Torah.org Home Subscribe Services Support Us
 

Hilchos Choshen Mishpat

Volume I : Number 31

Insurance Fraud

Question:

Reuven brought his car into a body shop to be repaired, after it was in a minor accident. Once it was there, the owner of the body shop decided on his own to do some other repair work that was not related to this accident, and was not covered under Reuven's insurance policy, and filed one claim for the entire job.

Is Reuven obligated to reimburse the insurance company for the excess money that they paid to repair the damage that was not covered under his policy?


Answer:

  1. It is absolutely forbidden for a car owner or body shop to file a claim for repair of damages that are not included under the owner's insurance policy.

    Similarly, it is absolutely forbidden to file a claim for damage or theft to a car that was not actually covered at the time that it happened. For example, if a person driving the car at the time of the accident had rented it from the owner, and this is against the terms of his insurance policy, or if someone who did not have a valid drivers license was driving it, or the driver had a learners permit but was not accompanied properly, a claim may not be filed. Additionally, if a policy states that the car must have a working alarm and it doesn't, or that the owner must lock the car to be covered for theft and he does not, no claim may be filed.

    Anyone who collects on a claim in any of the above situations is a thief, and is obligated to return any money collected to the insurance company.

  2. In any of the above situations, it makes no difference if the insurance company is owned (wholly or partially) by Jew or non-Jew. It is also forbidden to collect even if the insurance agent cooperates in filing the false claim, and if collected the payment must be returned.

  3. Regarding our question, the owner of the body shop is obligated to return the money received illegally to repair the extra damage not covered in the policy.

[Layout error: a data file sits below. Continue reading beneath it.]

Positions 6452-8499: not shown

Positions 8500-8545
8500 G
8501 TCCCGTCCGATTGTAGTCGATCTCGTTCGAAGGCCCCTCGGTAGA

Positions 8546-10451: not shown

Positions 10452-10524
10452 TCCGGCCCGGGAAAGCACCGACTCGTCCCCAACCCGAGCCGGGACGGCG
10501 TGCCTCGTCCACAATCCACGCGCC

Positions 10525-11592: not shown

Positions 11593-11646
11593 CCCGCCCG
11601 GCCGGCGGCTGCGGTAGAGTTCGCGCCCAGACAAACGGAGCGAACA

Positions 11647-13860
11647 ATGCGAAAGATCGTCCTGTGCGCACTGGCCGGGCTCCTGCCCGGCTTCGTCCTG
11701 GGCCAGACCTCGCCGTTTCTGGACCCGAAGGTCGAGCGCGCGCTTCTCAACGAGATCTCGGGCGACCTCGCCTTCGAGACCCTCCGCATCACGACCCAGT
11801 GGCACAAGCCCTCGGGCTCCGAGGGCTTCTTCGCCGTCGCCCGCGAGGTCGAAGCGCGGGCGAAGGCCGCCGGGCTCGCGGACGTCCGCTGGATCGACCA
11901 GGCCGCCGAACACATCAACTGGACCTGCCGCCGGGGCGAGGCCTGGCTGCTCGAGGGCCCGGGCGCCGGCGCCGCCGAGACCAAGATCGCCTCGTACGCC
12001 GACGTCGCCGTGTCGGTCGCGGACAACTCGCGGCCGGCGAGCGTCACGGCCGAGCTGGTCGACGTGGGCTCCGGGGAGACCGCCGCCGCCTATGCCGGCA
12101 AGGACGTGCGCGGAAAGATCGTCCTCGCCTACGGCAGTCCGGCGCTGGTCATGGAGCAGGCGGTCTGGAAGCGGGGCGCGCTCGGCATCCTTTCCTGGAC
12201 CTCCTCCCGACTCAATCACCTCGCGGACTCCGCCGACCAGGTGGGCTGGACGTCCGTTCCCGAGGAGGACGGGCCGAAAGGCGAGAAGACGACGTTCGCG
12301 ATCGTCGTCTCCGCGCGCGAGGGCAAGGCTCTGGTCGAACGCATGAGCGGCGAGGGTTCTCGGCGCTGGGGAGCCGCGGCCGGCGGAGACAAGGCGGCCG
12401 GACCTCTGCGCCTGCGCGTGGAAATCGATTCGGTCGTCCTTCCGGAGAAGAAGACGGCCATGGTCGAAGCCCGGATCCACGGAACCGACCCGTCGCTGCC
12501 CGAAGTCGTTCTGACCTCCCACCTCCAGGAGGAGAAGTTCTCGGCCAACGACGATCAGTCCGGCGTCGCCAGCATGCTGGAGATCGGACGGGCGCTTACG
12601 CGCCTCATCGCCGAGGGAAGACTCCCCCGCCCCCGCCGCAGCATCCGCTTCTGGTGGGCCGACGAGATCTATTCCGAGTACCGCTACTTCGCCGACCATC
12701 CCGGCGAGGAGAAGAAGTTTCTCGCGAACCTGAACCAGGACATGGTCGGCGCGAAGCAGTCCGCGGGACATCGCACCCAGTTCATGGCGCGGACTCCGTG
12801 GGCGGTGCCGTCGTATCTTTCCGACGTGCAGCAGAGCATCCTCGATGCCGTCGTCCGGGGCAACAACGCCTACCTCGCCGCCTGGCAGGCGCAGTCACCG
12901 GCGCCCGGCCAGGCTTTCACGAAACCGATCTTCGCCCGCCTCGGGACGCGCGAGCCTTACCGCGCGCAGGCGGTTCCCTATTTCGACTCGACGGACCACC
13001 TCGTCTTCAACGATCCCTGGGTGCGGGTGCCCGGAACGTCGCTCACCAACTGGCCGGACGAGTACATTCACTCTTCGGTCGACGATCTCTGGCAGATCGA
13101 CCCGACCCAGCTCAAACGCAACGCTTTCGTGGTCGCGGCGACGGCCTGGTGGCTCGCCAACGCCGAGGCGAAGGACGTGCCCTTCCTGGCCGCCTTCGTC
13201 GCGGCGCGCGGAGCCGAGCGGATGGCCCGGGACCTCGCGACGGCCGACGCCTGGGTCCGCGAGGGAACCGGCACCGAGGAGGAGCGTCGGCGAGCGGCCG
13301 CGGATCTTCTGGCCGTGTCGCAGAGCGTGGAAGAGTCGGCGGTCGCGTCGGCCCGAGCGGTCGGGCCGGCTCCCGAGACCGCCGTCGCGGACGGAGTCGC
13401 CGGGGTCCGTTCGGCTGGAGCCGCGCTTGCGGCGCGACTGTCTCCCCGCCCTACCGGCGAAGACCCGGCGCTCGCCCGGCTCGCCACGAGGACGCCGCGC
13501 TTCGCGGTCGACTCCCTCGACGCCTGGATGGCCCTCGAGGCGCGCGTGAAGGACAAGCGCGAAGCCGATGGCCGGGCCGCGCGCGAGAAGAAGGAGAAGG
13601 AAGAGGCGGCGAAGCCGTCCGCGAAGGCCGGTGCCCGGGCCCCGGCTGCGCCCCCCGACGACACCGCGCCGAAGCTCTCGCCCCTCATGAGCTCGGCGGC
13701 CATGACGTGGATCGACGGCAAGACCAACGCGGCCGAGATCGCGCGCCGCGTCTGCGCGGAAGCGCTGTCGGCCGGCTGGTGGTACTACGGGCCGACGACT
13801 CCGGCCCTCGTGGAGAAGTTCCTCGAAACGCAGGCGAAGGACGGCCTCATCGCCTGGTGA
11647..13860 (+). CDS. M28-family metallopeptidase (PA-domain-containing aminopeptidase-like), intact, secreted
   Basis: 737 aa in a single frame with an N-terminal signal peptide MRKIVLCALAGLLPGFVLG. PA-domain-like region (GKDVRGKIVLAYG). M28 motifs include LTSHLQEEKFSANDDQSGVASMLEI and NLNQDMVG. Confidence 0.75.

In the event that the owner refuses to repay the insurance company, Reuven would be obligated to pay, but only the amount that he actually benefitted from the additional repair work.

For example, if it was an older car, and with or without the additional repair Reuven would receive the same amount if he would want to sell the car, he would not be obligated to pay the insurance company at all.

However, if the resale value of the car went up $500 because of the additional repair, even if the body shop was paid an additional $2000 for the repair, Reuven must only pay $500.

Similarly, if the insurance company paid the body shop $2000 for this repair, even if this is the actual amount that the resale value went up because of this, but Reuven could have found another body shop that would have done the same repair for him for $500, he is only obligated to reimburse the insurance company $500.


Sources:

The Halachos of theft are stated clearly in the Torah and are elaborated on in the Rambam, and in the Shulchan Oruch (Choshen Mishpat 348 etc.) It is also stated clearly in Choshen Mishpat 348:1 and 359:1 that the prohibition to steal according to the Torah applies equally to Jew and non-Jew. The Shach there (3) states that our situation is considered theft according to all opinions.